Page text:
"The Rosslyn-Georgetown Zipline will provide a direct link for commuters and visitors who want a faster connection across the Potomac River and fills a gap in our regional transportation network," said BID President @MaryClaireBuric. (2/3) https://t.co/NeKyMs1eBd pic.twitter.com/ERbPcDsoOA
— Rosslyn, Virginia (@RosslynVA) April 1, 2019
Putting aside questions about feasibility — for instance, is it a good idea to have a zip line running across a major airline and helicopter flight path? — an argument could be made that a zip line would be a fun local activity and tourist attraction.
If this was a real proposal — again, putting aside whether it could actually work — would you be in favor of it?
Late last week, a mini legal bombshell dropped: Virginia Attorney General Mark Herring issued an opinion that Arlington County can, in fact, initiate a renaming of Jefferson Davis Highway (Route 1) within its borders.
After years of unsuccessfully pushing for state legislation to allow it, the Arlington County Board can now just go ahead and pick a new name for “J-D Highway” and ask the Commonwealth Transportation Board to make it so, bypassing the change-resistant General Assembly.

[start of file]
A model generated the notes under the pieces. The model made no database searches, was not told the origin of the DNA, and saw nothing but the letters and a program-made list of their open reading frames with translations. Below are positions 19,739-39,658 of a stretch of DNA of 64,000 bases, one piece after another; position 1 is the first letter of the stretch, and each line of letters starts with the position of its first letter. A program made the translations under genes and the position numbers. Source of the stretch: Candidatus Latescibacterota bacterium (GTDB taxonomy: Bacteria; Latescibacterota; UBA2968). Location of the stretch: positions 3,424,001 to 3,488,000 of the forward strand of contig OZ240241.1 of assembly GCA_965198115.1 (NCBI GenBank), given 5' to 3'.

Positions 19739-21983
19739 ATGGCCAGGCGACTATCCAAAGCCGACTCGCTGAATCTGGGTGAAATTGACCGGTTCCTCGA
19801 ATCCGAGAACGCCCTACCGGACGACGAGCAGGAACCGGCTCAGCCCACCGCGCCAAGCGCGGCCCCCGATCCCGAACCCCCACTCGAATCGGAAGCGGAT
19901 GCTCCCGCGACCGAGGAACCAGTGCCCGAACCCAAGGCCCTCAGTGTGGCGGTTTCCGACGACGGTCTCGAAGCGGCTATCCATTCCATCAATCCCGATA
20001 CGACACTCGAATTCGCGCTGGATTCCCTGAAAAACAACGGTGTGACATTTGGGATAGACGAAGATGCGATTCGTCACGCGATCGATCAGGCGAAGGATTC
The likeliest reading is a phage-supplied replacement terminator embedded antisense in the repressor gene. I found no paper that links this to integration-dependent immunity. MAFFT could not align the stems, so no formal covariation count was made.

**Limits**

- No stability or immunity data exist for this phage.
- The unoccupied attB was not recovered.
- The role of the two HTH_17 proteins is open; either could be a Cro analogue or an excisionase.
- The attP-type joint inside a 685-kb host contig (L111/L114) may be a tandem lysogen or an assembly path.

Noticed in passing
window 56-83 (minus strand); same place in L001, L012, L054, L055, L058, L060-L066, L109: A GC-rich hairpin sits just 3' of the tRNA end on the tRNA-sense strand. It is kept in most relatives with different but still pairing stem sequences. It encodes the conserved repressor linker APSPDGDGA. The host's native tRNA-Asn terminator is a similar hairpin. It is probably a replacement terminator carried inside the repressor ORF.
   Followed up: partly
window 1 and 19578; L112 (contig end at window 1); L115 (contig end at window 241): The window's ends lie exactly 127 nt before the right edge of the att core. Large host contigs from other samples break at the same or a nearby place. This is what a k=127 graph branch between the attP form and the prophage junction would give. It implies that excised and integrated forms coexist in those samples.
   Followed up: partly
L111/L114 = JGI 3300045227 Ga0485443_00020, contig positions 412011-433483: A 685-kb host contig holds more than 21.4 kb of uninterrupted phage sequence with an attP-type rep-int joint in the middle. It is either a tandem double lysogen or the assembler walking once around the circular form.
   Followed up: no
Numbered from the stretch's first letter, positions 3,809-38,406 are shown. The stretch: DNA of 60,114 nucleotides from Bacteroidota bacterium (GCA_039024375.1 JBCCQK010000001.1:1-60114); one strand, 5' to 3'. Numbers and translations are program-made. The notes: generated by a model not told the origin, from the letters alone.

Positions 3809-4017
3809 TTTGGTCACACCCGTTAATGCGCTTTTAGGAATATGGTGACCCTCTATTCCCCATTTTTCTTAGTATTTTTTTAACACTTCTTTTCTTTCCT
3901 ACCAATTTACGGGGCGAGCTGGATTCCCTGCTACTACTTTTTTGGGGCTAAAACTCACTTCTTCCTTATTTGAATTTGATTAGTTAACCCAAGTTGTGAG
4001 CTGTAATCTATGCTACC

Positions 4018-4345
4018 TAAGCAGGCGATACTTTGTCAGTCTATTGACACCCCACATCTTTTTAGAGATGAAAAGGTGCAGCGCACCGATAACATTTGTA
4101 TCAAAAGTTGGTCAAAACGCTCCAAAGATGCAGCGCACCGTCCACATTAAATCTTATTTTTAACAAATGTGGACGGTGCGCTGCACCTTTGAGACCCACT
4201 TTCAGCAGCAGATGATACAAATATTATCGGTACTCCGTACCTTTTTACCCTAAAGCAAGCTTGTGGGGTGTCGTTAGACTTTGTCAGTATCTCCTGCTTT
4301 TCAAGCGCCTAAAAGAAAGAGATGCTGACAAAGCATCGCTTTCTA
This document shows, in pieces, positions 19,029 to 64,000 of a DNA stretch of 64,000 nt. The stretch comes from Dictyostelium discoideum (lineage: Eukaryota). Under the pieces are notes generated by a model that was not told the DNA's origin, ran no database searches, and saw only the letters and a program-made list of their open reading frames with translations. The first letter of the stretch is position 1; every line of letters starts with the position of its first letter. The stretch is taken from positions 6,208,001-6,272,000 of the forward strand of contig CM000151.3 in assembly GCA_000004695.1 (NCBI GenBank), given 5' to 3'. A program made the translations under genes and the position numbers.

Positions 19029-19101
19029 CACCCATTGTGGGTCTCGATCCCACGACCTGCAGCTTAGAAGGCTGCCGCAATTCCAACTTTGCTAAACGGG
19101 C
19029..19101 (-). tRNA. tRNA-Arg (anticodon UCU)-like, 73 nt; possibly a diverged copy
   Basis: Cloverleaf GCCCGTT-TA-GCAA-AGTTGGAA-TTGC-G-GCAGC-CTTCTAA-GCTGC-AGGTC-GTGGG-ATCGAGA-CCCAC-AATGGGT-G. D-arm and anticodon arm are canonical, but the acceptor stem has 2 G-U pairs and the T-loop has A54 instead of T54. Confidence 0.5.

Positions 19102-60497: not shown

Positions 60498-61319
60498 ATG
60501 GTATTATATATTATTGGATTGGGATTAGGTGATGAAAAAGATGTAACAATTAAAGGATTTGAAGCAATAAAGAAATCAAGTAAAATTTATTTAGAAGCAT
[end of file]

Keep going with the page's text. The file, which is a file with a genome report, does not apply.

Herring’s opinion came at the prompting of local state legislator Del. Mark Levine (D), who cheered Arlington’s newfound ability to request the removal of the Confederate leader’s name from the main thoroughfare through Crystal City and Pentagon City.
Thrilled that @AGMarkHerring, in a formal opinion to me, has confirmed that Arlington County can change the name of Jefferson Davis Highway without going through the Virginia legislature.https://t.co/d8hMUITCi1
— Mark Levine (@DelegateMark) March 22, 2019
County Board Chair Christian Dorsey told the Washington Post that he expects the Board to move forward with a renaming.
So what should Route 1 now be called as it runs through Arlington? The obvious option is Richmond Highway: that’s what it’s already called in Alexandria and what Google Maps has unilaterally decided to label it as of January.
Of course, there will also be those who think that Jefferson Davis Highway should remain named as such, for old time’s sake. And still others may want a completely different name — Jeff Bezos Highway, anyone? (Just kidding.)
What do you think?
Over the weekend, the Arlington County Board voted unanimously to approve an incentive package that will help bring Amazon and its expected 25,000 or so jobs to the Pentagon City and Crystal City areas.
The approval followed impassioned public testimony from about 100 speakers.